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Transforming Governance

What’s on the Minds of Board Leaders?

Handing over the mic to four board chairs

by Kara Witalis

In the fading exhaust of the past few tumultuous years, 2024 is a period that, while undoubtedly challenging, also carries great opportunity for those entrusted with steering their organizations into a future ripe with promise and potential.

To be sure, no matter their size or where they provide services, hospitals and health systems confront both enduring and emerging obstacles &mdash from financial strains and accessibility concerns to evolving technology and disruptive competitors. Yet standing before these difficulties are board leaders with unwavering compassion, dedication and determination to address head-on the hurdles faced by their organizations. What are the topics on boardroom agendas, and what inspires board chairs as they chart the course ahead?

In this article, we hand the mic over to four board chairs from across the country to hear what’s on their minds as it pertains to the opportunities and challenges for the current and future state of health care, as well as the nuts and bolts of governance and leadership.

Marilyn Helms

Marilyn Helms

Board Chair

CHI Memorial Board of Directors

Chattanooga, Tenn.

CHI Memorial is a not-for-profit, faith-based health care organization providing health care throughout southeast Tennessee and north Georgia. CHI Memorial was founded by the Sisters of Charity of Nazareth and is a part of CommonSpirit Health, a national health care ministry that shares the Sisters of Charity mission, vision and values. CHI Memorial provides a range of health care services including preventative, primary and acute care; cancer, cardiac and neurosciences care; and orthopedics and rehabilitative care.

Marilyn Helms, DBA, joined the CHI Memorial Board of Directors in 2017. She has served in the role of board chair since the summer of 2023. Helms is the dean and sesquicentennial chair and professor of supply chain management at Dalton State College’s C. Lamar and Ann Wright School of Business in Dalton, Ga. She frequently speaks to groups regarding international business, entrepreneurship, strategic planning and supply chain management.

Kara Witalis: What are the core opportunities for health care of the future? What are you particularly excited about when envisioning the future of health care?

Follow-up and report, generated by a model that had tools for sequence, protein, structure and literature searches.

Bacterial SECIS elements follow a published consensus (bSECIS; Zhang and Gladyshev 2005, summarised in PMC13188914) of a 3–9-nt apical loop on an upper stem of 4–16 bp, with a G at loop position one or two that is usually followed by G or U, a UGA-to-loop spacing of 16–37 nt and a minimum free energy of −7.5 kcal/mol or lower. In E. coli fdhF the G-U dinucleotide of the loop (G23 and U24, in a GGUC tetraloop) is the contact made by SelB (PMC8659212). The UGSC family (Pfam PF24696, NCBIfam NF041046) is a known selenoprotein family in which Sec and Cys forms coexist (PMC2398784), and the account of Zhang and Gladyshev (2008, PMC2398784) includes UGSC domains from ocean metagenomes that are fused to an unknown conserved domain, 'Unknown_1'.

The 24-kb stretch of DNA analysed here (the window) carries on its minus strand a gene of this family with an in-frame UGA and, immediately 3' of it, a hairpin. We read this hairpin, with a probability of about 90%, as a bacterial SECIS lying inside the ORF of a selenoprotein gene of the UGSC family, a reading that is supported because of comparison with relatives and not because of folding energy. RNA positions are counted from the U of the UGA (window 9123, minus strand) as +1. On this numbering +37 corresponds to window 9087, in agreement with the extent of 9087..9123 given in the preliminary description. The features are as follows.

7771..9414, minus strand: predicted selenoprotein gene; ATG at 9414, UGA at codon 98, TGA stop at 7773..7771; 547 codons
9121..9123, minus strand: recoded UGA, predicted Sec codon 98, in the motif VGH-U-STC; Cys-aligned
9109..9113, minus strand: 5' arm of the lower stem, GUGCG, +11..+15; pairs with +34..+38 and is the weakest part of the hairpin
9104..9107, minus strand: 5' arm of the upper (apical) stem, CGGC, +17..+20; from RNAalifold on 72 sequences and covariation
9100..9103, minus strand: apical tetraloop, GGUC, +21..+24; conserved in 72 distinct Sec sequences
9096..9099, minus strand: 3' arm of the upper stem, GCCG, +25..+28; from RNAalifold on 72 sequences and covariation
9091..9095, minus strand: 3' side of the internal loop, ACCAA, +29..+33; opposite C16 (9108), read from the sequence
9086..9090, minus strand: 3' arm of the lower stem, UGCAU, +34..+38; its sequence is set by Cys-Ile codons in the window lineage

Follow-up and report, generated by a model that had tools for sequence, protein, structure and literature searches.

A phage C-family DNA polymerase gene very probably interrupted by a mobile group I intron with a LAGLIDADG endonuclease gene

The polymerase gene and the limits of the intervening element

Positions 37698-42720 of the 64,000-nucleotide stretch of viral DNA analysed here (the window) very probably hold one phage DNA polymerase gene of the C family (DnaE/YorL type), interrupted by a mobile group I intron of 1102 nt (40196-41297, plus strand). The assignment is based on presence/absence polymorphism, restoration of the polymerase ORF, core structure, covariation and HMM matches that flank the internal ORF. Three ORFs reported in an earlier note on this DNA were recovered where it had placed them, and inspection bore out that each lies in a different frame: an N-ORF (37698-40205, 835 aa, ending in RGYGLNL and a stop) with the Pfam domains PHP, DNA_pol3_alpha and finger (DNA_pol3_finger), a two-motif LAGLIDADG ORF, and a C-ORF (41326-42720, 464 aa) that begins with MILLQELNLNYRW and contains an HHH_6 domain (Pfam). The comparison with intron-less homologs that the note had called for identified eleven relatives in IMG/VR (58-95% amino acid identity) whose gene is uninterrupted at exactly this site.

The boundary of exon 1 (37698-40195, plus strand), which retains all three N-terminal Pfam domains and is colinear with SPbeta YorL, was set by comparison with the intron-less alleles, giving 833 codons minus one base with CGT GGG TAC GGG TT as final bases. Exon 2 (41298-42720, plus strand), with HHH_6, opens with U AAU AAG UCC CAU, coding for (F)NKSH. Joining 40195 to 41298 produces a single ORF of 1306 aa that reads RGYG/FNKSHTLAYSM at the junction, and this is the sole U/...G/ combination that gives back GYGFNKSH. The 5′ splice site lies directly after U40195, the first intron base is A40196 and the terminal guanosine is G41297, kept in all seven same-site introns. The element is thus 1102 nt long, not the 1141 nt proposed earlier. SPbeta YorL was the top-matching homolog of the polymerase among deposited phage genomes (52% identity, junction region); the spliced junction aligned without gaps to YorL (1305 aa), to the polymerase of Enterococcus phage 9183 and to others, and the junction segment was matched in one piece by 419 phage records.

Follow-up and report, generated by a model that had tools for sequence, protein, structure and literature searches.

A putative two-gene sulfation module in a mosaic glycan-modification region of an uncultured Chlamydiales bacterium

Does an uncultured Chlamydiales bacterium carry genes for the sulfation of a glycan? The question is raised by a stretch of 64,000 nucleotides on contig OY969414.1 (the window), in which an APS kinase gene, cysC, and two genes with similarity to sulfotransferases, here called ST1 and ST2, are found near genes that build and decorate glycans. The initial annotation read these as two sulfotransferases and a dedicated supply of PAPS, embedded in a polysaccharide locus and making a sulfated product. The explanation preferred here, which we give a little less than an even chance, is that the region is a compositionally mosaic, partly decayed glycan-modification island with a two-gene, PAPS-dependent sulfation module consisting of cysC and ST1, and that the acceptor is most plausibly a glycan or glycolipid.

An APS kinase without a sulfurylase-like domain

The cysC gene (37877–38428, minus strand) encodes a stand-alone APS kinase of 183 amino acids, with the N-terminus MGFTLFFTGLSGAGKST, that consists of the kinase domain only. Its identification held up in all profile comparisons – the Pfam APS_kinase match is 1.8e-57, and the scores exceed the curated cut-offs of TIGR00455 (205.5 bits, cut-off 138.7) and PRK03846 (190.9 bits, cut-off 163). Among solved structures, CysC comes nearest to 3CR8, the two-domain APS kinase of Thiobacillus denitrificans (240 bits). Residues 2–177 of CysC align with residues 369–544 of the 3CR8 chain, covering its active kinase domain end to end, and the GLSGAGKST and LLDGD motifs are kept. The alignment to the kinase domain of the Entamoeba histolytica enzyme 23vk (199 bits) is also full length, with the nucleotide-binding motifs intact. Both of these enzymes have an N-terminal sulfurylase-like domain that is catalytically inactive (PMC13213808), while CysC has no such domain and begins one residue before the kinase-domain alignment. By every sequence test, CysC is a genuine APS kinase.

Marilyn Helms: I see our greatest opportunity for the future of health care as being the promise of technology. We will see a furtherance of the electronic health record as it continues to enable us to improve outcomes of care (through improved access to information, protocols, etc.), improve quality and safety, and increase reliability. We will also see advances in and increased use of telemedicine in which patients and providers won’t have to leave home to receive care. This is a huge satisfier all around. People don’t want to wait in an office waiting room or deal with traffic and parking if they can avoid it by using telemedicine. With telemedicine, we can have access to services and professionals that might otherwise be unavailable. With artificial intelligence (AI) advancements we will be able to turn routine tasks over to AI, safely and reliably, and free up our scarce, specialized personnel to handle the higher learning and critical thinking. With the right application of AI in health care, we can extend our staffing resources.

The opportunity doesn’t stop with technology, but rather uses technology to help extend the human side of health care. We have an opportunity to inspire people to get into the health care field &mdash to see that there are many different career opportunities in the health care setting. It’s not all doctors and nurses who are needed, but also accountants, food service, facilities management and purchasing staff, as well as so many other career opportunities that are available.

Witalis: What are the core challenges of today’s health care environment?

Helms: The core challenge is economics, starting with reimbursement. The Centers for Medicare & Medicaid Services’ (CMS) payment formula is outdated. Their use of geographically adjusted indexes for reimbursement calculations just simply doesn’t work in today’s world in which we are all recruiting nationally, using national, if not global, suppliers and vendors. No matter where you’re located in the country, you’re paying national not regional prices. We are also seeing an uptick in insurance denials for care or outright limiting access to patient care, which delays a patient receiving the services that they need, which spirals into a bigger problem.